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United Airlines flight UA331 was scheduled to fly from Paris Charles de Gaulle Airport (CDG) to Washington Dulles International Airport (IAD) on a Boeing 777-200. The flight was cancelled shortly before departure when the captain allegedly showed up to the airport intoxicated.
The 63-year-old captain was reported way above the legal alcohol limit. He was supposedly “showing signs of obvious drunkenness” and “he was staggering slightly, his eyes were glassy, and his mouth pasty.” He was subjected to two blood alcohol tests. These resulted in his blood alcohol level being recorded at 0.056 and 0.059. French law limits pilots blood alcohol level to 0.02 (in the US, the limit is 0.04 for pilots). The pilot was nearly 3x over the legal limit in France.
A French court sentenced the pilot to a €4,500 fine, a six-month suspended sentence, and a one-year suspension of his pilot’s license. He’ll likely face additional consequences when he is back in the US. Thankfully, security staff noticed his erratic behavior and stopped him before he was able to put an entire Boeing 777 filled with up to 276 passengers plus crew in danger.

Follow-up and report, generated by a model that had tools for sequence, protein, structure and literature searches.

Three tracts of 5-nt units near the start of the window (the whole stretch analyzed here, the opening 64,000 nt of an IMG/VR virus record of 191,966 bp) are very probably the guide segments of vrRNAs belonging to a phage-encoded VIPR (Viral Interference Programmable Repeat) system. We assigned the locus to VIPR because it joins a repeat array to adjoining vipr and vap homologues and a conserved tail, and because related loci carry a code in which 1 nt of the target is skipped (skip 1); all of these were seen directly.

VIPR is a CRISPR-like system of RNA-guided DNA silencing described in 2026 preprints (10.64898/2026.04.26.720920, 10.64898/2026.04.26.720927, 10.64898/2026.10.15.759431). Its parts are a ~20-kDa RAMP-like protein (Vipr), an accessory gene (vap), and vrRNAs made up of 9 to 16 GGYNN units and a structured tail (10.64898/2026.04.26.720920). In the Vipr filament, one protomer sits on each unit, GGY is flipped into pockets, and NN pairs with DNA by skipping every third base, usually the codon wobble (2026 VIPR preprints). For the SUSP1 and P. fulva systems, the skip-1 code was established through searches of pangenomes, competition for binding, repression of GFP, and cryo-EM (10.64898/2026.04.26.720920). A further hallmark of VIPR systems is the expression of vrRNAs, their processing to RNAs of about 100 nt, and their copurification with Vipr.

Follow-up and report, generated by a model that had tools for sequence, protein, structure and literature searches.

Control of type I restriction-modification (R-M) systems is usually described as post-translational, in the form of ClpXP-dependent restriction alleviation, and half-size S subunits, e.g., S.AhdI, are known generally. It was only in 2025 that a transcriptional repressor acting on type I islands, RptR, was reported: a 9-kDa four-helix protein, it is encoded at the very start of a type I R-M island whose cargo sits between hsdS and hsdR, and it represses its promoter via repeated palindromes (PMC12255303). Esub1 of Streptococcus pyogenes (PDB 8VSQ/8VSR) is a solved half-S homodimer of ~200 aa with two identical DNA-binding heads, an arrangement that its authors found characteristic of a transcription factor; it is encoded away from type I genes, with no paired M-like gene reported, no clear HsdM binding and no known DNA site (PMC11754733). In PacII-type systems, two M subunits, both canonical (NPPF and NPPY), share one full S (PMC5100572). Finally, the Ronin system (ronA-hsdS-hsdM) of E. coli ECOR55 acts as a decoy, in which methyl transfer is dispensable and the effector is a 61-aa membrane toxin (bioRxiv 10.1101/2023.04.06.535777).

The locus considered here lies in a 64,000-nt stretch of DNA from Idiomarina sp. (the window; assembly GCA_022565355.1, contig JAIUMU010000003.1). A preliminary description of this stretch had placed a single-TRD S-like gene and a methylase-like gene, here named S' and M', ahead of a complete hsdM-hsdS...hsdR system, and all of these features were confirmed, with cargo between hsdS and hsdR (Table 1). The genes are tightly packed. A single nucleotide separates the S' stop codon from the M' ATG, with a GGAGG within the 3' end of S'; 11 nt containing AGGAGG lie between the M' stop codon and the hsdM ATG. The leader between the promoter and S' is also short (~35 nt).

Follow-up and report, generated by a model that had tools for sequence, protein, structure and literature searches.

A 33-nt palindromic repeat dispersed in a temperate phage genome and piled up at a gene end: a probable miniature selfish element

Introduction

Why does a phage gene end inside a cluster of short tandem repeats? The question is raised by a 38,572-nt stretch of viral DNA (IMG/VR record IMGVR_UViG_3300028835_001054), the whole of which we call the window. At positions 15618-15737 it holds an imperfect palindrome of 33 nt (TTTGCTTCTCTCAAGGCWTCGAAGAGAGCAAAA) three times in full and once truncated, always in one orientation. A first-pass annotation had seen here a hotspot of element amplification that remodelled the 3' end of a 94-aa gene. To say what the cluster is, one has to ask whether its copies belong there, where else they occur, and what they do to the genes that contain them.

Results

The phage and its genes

This is not the first time this has happened and it will not be the last. Just a few weeks ago, a Delta Air Lines pilot was arrested for being intoxicated at Edinburgh Airport (EDI) before his flight. As One Mile at a Time points out (and I agree with), how did the rest of the flight crew not notice his condition?
Under European flight cancellation and delay regulations (known as EC261), passengers can claim up to €600 for a significant delay. This situation seems like it would be covered and passengers on that flight should seek this payout.
Anthony’s Take: This was luckily addressed before there was any danger to the passengers and crew. Alcohol and driving (and especially flying) don’t mix regardless of the factors behind the incident. This will possibly end this captain’s career being that he is close to retirement age already.
(Boeing 777 Image Credit: United Airlines.)
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